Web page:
We are fortunate to have Dassia Posner on board as our Guest Editor for this issue. You'll learn more about Dassia's background in her introduction to this issue, but regular readers of this magazine are already familiar with her work. In addition to writing articles and reviews for PI, Dassia (along with John Bell) has been helping to plan our issues for the past five or six years. The process is congenial and a little dreamlike, as the three of us gather around a dining room table over a cup of herb tea and ponder the many facets of our chosen theme, and how it should be covered and who should write what.

Dassia has moved to Chicago to join the Theater Faculty at Northwestern University, but we still meet, her face on a laptop now thanks to video-conferencing technology. What has impressed me about recent puppet scholarship, is that the new wave of MFAs and PhDs almost always began their careers as puppeteers. As you might suspect, the MFA's continue to create new work for the theatre, yet even some PhD's continue front their own puppet companies. Perhaps this is why the new puppet re- search has such energy to it—these researchers know their topic from the inside out. We hope you enjoy these articles. There are also reviews of some new books, and a look at the new documentary about Kevin Clash: Being Elmo. 

-Andrew C. Periale

The New Vocabulary of the Puppet

My first foray into puppetry scholarship was a graduate paper on Julie Taymor's puppets and masks for Gozzi's King Stag, directed by Andrei Serban at the American Repertory Theatre (1984, remounted 2000). At the time, I was surprised by theatre critics' struggle to articulate the contribution of puppets and masks to the production. It was praised for its "Magic" and "Cross-Cultural Whimsy," and even for moving "Beyond Miss Piggy," but was not evaluated for its intercultural dialogue with Indonesian topeng and Japanese bunraku, nor for its playful use of estrangement in the form of light-blue-clad-and-hooded puppeteers who manipulated both the tale and its puppets. 

With the increasingly visible presence of puppetry in U.S. and European theatre in productions like The Lion King, Avenue Q, and War Horse, theatre critics have now begun to express less surprise at, and more analysis of, the theatrical pro-liferation of puppets. The last few years have also seen a burgeoning of strong, international puppetry scholarship. The need remains for this body of scholarship to continue to grow as we seek meaningful ways to talk about puppetry, investigate the philosophical questions it raises, discover how the puppet functions dramaturgically on the stage, and trace the integral place of puppetry in world performance culture.

I was recently part of a committee that organized the first international scholarly puppetry conference in the United States. "Puppetry and Postdramatic Performance: An International Conference on Performing Objects in the 21st Century," was held April 1-3, 2011 at the University of Connecticut, Storrs. The conference brought together a hundred and fifty scholars and artists from fourteen countries across six continents to explore "new approaches to critical thinking and theorizing about puppetry and performing objects in order to enrich, expand, and enliven the field of discourse." It featured seventy-five academic papers, keynote addresses by Peter Schumann and Eileen Blumenthal, workshops and performances, a film series, tours, and a puppet cabaret. It was planned by John Bell, Janie Geiser, Nicole Hartigan, Claudia Orenstein, Bart P. Roccoberton, Jr., Susan Simpson, and myself, with generous logistical support by Mary Mell, Ted Yungclas, and many volunteers. We organized it in conjunction with the University of Connecticut, CalArts, and the UNIMA Research Commission, with support from the Jim Henson Foundation, the UConn School of Fine Arts, and the Bal- lard Institute and Museum of Puppetry.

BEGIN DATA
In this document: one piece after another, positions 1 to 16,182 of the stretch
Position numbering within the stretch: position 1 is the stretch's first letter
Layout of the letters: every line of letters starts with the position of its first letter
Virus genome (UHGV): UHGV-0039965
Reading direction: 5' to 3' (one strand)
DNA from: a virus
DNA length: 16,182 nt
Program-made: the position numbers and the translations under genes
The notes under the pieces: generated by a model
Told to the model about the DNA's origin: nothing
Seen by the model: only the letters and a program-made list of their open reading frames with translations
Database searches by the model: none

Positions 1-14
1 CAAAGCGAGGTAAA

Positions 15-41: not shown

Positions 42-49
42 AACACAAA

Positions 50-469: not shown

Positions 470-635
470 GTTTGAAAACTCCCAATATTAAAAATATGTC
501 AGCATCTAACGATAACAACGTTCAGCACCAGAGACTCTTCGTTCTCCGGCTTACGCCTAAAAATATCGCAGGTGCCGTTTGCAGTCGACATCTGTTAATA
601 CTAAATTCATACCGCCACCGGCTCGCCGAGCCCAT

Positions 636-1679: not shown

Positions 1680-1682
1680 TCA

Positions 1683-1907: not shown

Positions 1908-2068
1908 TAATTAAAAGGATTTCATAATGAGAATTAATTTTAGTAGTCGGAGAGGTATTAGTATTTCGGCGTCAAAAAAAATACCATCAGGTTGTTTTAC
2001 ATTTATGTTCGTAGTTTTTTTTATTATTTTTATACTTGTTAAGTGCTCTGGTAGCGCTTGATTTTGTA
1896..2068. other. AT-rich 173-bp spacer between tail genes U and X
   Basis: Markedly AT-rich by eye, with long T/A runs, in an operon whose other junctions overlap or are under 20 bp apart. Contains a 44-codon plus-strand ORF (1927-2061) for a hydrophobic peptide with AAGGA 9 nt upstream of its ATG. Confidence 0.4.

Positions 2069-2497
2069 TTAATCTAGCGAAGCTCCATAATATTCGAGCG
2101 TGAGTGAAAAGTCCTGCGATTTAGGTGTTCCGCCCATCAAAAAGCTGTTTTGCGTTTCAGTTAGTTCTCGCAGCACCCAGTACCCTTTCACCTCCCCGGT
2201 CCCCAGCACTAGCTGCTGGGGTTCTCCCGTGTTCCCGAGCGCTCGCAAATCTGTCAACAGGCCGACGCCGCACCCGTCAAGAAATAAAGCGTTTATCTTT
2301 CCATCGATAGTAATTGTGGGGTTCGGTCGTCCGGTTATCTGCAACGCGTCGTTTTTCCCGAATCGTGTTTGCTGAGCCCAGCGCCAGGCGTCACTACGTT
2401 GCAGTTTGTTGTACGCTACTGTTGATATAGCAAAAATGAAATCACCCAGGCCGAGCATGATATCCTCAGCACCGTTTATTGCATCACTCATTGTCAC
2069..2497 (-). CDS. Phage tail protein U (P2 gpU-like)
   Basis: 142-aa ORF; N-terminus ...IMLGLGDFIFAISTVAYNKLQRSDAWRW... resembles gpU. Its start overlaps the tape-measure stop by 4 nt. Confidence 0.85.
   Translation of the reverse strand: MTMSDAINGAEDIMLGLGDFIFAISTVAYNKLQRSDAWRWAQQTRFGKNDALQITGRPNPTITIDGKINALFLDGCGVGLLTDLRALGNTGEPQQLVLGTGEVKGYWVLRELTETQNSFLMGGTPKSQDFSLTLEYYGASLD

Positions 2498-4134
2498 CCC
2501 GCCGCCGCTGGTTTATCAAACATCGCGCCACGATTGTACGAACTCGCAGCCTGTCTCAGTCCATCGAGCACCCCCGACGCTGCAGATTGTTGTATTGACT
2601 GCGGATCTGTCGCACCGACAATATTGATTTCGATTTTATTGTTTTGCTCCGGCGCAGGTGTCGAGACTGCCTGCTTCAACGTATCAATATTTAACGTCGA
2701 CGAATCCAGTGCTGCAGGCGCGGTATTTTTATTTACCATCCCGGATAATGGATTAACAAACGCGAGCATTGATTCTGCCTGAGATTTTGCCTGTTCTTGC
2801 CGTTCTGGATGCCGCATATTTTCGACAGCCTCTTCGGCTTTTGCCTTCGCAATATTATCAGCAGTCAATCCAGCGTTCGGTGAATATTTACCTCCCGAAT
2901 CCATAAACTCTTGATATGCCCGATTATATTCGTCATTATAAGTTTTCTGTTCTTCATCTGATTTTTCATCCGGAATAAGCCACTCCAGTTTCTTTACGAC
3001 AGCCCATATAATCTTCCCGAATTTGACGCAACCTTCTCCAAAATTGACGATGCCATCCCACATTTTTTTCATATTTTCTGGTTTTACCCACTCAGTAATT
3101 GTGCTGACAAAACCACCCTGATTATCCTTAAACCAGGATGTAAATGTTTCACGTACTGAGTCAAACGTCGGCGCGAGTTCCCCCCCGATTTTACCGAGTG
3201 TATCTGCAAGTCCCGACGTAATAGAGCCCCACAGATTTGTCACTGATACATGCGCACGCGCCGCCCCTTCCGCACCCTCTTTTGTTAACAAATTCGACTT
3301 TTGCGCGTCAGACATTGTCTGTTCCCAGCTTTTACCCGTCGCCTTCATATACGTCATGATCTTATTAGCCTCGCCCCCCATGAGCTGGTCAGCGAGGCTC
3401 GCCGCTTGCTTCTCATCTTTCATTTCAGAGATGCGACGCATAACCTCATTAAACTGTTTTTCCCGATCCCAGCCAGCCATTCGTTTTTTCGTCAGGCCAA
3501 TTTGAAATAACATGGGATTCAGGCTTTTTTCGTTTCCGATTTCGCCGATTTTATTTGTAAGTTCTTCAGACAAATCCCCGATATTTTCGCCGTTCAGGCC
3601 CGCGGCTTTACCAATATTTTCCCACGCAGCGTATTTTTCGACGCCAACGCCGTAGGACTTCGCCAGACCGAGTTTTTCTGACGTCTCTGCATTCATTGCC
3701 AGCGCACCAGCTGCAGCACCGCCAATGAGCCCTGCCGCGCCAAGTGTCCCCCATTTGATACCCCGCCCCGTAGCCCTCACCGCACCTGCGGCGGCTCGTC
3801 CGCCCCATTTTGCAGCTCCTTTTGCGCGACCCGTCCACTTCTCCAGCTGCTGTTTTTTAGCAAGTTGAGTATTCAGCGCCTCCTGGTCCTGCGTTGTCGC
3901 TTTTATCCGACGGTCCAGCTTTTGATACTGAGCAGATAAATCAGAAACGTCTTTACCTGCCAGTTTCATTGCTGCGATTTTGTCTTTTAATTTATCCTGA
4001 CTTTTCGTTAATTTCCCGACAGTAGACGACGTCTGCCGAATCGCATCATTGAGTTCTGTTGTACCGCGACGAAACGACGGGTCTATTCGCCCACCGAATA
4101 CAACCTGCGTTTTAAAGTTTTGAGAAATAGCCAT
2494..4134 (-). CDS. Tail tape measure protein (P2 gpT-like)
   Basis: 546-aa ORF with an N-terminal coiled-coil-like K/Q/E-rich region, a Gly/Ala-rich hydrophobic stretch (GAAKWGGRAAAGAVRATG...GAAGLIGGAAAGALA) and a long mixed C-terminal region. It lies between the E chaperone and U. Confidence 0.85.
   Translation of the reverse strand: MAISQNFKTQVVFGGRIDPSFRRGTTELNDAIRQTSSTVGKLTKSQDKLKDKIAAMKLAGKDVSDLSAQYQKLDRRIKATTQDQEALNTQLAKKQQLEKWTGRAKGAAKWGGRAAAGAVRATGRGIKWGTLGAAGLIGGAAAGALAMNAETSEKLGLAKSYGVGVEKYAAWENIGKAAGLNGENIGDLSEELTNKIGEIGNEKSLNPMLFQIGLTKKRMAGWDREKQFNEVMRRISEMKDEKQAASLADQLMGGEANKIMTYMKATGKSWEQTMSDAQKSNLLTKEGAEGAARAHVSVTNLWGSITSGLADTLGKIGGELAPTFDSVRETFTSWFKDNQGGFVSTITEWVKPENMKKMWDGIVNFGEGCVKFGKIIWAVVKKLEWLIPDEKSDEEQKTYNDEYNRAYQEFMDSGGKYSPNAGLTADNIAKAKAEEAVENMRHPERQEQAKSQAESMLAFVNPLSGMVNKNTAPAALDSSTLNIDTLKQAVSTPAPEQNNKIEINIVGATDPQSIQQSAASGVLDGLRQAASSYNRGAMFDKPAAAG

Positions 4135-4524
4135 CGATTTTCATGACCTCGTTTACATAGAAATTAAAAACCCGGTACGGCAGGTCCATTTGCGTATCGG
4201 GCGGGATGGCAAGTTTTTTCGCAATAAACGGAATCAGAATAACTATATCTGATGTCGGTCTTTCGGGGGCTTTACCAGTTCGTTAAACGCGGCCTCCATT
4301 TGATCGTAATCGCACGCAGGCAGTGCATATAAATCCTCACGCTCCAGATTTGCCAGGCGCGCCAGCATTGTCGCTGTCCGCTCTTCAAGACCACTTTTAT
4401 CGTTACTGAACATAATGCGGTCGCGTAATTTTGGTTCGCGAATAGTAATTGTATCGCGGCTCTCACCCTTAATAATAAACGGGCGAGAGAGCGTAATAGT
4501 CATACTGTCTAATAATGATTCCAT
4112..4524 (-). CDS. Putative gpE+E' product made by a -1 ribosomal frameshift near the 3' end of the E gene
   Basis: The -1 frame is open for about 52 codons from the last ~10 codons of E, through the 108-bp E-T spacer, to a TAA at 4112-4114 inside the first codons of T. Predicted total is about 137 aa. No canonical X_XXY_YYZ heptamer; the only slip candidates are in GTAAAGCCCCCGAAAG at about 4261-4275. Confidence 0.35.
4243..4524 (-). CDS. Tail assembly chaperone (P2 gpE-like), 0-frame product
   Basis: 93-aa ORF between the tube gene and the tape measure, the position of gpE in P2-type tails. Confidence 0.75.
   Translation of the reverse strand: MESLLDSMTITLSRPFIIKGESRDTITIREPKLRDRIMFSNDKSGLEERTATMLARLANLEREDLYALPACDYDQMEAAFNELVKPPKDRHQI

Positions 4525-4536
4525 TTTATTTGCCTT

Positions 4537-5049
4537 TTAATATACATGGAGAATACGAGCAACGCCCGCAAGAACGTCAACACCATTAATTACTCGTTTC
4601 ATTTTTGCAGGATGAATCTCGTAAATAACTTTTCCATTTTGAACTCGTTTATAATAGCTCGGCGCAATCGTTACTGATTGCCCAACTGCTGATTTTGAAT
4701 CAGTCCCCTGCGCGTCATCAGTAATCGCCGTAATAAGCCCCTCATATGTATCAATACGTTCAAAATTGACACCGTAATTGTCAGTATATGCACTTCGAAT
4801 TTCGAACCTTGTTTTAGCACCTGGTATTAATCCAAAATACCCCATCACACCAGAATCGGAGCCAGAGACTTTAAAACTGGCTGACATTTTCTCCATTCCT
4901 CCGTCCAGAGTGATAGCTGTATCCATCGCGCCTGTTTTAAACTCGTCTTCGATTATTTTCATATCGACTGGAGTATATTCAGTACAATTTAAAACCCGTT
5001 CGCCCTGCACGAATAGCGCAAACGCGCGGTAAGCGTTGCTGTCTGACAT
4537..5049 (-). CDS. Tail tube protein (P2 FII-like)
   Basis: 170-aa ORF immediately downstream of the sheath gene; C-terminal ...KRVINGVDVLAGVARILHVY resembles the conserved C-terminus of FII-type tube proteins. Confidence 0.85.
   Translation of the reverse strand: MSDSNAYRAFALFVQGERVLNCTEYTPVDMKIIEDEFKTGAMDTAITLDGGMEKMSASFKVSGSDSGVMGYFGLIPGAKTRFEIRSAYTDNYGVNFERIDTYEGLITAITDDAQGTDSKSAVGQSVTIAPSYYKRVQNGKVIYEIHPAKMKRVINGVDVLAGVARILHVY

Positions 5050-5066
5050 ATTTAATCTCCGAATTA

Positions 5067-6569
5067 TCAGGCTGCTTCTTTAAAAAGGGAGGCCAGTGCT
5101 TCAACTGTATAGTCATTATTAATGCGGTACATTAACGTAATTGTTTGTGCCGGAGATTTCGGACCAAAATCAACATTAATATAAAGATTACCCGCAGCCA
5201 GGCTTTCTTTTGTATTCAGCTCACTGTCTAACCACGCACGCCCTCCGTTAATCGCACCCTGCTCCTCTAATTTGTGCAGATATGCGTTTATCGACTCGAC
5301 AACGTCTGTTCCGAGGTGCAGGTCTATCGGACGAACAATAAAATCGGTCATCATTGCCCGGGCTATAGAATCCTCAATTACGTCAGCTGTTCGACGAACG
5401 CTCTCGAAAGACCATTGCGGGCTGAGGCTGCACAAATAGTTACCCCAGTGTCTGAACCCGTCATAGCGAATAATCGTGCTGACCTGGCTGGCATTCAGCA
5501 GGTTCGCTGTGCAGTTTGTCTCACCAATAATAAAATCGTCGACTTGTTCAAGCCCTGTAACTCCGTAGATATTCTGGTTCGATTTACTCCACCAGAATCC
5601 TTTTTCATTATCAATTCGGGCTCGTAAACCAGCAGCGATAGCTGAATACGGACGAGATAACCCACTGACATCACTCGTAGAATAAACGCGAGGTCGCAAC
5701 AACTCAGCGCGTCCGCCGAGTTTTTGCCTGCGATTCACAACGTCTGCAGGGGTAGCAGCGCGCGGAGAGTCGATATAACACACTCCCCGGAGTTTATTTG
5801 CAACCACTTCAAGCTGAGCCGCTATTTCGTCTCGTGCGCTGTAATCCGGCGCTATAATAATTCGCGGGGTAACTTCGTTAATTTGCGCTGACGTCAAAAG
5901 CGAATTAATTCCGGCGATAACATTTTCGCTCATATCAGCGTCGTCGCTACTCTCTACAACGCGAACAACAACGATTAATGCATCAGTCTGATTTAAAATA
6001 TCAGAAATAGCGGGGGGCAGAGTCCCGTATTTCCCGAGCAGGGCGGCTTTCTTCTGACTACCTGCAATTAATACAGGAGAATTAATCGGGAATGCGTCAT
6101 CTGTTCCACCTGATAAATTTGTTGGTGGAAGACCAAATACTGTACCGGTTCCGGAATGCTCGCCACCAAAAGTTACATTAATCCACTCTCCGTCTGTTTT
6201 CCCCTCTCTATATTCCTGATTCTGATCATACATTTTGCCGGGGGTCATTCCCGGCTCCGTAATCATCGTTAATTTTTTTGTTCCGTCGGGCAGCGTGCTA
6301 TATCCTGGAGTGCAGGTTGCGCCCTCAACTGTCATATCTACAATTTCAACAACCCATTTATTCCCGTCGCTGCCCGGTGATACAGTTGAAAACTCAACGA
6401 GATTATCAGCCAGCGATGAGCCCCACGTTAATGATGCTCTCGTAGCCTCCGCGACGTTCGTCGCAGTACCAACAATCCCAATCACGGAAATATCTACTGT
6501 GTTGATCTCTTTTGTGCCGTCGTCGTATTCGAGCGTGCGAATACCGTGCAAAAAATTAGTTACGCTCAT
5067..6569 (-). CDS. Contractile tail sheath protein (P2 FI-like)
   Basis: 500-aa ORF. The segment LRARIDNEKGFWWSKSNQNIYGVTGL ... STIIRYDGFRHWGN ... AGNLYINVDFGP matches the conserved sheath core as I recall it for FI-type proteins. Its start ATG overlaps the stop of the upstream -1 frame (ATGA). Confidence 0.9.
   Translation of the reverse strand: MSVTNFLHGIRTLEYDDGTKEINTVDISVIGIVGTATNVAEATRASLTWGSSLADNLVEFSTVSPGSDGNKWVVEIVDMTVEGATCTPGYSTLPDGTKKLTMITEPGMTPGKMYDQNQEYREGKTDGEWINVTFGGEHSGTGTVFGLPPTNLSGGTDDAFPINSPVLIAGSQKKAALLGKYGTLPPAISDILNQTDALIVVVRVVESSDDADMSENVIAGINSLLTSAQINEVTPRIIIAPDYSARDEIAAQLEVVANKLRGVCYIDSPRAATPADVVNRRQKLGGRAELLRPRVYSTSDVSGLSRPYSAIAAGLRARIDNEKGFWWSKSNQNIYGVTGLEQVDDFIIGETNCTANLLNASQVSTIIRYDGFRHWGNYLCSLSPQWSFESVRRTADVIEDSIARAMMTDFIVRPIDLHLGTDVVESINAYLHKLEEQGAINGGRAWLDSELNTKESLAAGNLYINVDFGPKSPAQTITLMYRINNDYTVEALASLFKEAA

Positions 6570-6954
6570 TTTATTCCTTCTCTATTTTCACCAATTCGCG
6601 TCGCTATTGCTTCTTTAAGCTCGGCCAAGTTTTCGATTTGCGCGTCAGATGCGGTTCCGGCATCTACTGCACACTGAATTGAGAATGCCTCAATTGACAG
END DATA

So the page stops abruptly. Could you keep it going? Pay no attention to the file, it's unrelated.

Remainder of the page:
This issue of Puppetry International is inspired by that conference. Several of the issue's articles, written by both established and emerging scholars, were first presented at the conference, while others are entirely new. These articles, while diverse in their geographical, temporal, and philosophical areas of inquiry, cumulatively investigate and celebrate puppetry's presence in the margins of theatrical culture. By this, I do not mean that puppetry is marginalized, but that its significance and appeal lie in its "betweenness," in its ability to be read simul- taneously as human and object, as neither and both. As these seven authors observe, the puppet hovers tantalizingly between life and death, tradition and innovation, the serious and the satirical, the enthralling and the uncanny, ritual and theatre, and, as Chikamatsu Monzaemon famously stated, "between the real and the not real." 

Puppetry scholars have recently been honing a vocabulary that articulates the uniquely rich, varied, sophisticated, and expressive language of puppet and object theatre. It is my hope that this issue of Puppetry International, the first to be entirely peer-reviewed, will help that vocabulary to grow.

-Dassia N. Posner